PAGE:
What about electronics and integrating the latest technology into furniture. Do you think that soon every piece of furniture is going to be plugged in?

No. But... of course there is the Internet of Things. The objects themselves will start to communicate and say where they are, what they are doing, who owns them and who is using them. Each item will send the information over the internet. This is a trend that is making such objects much more useful, much more intelligent and much more interactive. But not all of them. I don’t need a piece of furniture, such as a chair or a couch to be connected up. Maybe it’s different with office chairs – when you have a building with 6,000 employees you want to know where your chair is or which one is broken. So there’s a lot going on in this field. There will be a lot of connected things.

So more in the way of office design than for the home?

The IoT will be applied to all manufactured items – to nearly all of them. This can be most clearly seen in cars: you cannot buy a new car that is not connected. But we’re seeing it in goods that are highly complex, but for things that are not, such as glass, chairs, and lights, there is no need for any connectivity.

Lights? But they are very much connected these days– Lights are one of the fastest changing manufactured items in terms of their design and connectivity.

For lighting a gallery – yes, but I am talking about a reading light that you can turn on next to your bed...

But these can also be connected. You can turn it off and on or even change the colour and brightness with a mobile app.

Wow. Ok!

Do you think that the design is international?

If you had asked me this questions years ago, I would have answered simply – yes. We are in a completely global age. We are all connected; we almost use the same things – there is no diversity. But the older I get, the more diversity I see. I’m seeing more. This is not just typical for Austria, this is typical for France and typical for whatever country.

You designed the Studio for Bene office system that I have just seen at the Eurobuild Festival of Architecture. Do you think that such a table is for everyone? Would it be liked everywhere?

No, the piece of furniture I designed for Bene is aimed at a younger crowd. It is aimed at the creative industries for people like me, I would say, although I am a bit too old for it. It’s designed for a new way of working with much more freedom that is far more digital. When you look at classic office furniture, where everything can be adjusted, it looks machine-like. It’s designed to make you a more efficient worker. But if I were an employee of a company that gave me furniture to make me work at maximum efficiency, I wouldn’t be happy; I’d feel like a machine and I wouldn’t feel valued. I would feel that all they wanted from me was for me to work. I wouldn’t feel that I was an individual. I wouldn’t feel respected. So office furniture should make you feel that you are equal, that you are respected. It should be friendly and the same furniture should be used by the employee as by the CEO. They use the same paper and the same computers and CEOs no longer have five secretaries in front of their offices anymore – those days are gone. CEOs write their e-mails themselves, so why then should they use different furniture. I see the world in more democratic terms. ν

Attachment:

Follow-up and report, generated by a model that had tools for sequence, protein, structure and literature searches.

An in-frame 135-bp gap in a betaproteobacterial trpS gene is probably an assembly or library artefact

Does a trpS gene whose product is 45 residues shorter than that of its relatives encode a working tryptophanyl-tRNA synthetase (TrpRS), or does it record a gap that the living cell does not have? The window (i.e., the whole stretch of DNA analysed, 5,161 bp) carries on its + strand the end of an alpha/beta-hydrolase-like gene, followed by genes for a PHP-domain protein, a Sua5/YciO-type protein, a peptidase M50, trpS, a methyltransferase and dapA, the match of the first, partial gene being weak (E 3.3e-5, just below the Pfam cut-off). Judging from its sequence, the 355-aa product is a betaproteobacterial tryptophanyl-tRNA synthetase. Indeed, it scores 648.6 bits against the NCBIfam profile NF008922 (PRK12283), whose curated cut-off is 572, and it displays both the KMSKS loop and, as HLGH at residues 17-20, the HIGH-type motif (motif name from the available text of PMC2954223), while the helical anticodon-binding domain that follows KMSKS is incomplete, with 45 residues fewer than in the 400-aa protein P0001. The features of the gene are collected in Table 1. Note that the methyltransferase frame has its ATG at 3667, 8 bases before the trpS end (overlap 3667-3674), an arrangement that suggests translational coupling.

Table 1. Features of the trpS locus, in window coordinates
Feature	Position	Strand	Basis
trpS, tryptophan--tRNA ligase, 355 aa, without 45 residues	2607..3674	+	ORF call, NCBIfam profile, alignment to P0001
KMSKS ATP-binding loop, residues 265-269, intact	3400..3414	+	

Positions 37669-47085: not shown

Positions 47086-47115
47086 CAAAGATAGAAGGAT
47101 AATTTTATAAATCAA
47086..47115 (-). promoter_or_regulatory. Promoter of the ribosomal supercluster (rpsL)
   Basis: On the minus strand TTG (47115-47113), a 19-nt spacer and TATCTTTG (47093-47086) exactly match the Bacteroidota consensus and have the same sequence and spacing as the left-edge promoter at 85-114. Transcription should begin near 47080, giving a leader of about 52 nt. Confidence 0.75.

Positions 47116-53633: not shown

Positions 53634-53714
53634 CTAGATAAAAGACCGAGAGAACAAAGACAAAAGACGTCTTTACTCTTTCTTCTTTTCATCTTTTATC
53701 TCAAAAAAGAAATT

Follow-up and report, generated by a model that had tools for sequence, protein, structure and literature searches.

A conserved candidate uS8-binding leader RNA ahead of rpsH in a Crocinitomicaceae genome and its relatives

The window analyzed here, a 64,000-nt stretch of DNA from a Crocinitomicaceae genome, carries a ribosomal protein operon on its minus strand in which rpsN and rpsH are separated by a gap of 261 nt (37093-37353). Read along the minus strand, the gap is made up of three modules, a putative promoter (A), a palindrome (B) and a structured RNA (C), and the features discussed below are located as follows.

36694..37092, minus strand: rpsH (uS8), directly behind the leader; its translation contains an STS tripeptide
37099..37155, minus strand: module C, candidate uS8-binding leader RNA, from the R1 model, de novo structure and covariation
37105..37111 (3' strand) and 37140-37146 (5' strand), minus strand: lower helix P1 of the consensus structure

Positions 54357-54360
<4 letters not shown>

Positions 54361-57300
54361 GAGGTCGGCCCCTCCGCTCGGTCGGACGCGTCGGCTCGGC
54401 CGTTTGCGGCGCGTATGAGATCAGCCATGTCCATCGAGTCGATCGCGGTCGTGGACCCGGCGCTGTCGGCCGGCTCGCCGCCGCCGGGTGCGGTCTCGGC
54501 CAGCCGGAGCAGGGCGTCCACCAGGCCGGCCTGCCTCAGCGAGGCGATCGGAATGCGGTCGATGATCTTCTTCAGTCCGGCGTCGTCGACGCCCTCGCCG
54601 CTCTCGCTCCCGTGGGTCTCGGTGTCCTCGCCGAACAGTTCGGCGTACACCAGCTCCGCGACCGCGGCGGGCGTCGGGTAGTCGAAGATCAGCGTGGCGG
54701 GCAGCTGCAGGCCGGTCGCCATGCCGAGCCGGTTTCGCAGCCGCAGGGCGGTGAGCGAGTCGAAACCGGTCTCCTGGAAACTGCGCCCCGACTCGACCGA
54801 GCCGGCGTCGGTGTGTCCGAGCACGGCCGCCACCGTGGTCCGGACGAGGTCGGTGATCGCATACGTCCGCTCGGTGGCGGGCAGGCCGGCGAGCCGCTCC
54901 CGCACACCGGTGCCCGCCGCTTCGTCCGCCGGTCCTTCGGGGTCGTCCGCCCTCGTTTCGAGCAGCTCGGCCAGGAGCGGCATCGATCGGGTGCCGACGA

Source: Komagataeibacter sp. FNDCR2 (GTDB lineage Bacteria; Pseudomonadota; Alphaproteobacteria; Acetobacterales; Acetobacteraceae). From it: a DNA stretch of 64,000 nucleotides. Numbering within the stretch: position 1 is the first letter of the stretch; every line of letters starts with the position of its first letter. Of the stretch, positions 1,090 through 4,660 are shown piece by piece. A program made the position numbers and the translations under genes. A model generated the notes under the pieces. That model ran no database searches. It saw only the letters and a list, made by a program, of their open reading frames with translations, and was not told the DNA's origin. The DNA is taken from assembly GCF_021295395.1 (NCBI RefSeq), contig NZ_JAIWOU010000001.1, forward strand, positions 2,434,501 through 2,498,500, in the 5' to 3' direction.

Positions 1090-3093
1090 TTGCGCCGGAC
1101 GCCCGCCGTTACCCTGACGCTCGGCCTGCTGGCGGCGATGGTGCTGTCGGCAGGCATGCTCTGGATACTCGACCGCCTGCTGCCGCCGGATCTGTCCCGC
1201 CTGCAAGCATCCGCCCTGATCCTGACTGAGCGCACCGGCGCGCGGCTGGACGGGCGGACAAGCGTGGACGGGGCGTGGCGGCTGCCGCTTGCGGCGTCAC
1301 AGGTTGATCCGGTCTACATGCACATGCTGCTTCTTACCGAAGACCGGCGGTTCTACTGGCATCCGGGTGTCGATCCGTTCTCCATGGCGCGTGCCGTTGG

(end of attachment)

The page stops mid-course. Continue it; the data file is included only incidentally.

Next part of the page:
A man of consummate design

Thomas Feichtner is an internationally renowned designer. He was born in Brazil and grew up in Austria. He studied industrial design at the University of Art and Industrial Design in Linz. He has produced numerous designs for international brands, such as Adidas, Swarovski, Laufen, Bene, Head, Absolut, Augarten, Neue Wiener Werkstätten, Porzellanmanufaktur, J&L Lobmeyr, TON and Carl Mertens, and has collaborated with such manufacturers as Vitra, Thonet and FSB. Much of his work falls midway between manufactured and hand-crafted goods and he has produced designs both for one-offs and mass produced goods. He has exhibited his designs at the Triennale di Milano, the International Biennial of Design in Saint Etienne, the Austrian Cultural Forum London as well as the MAK – Austrian Museum of Applied Arts / Contemporary Art in Vienna. His works have received international design awards and been acquired by various design collections. His monograph, ‘Thomas Feichtner – Edge to Edge’, was published by the MAK – Austrian Museum of Applied Arts / Contemporary Art through Birkhäuser in 2010. From 2009 to 2014 he was a professor of product design at the Muthesius Academy of Fine Arts and Design in Kiel. In 2011 he received the Austrian State Award for Design. He lives and works in Vienna with his wife Simone.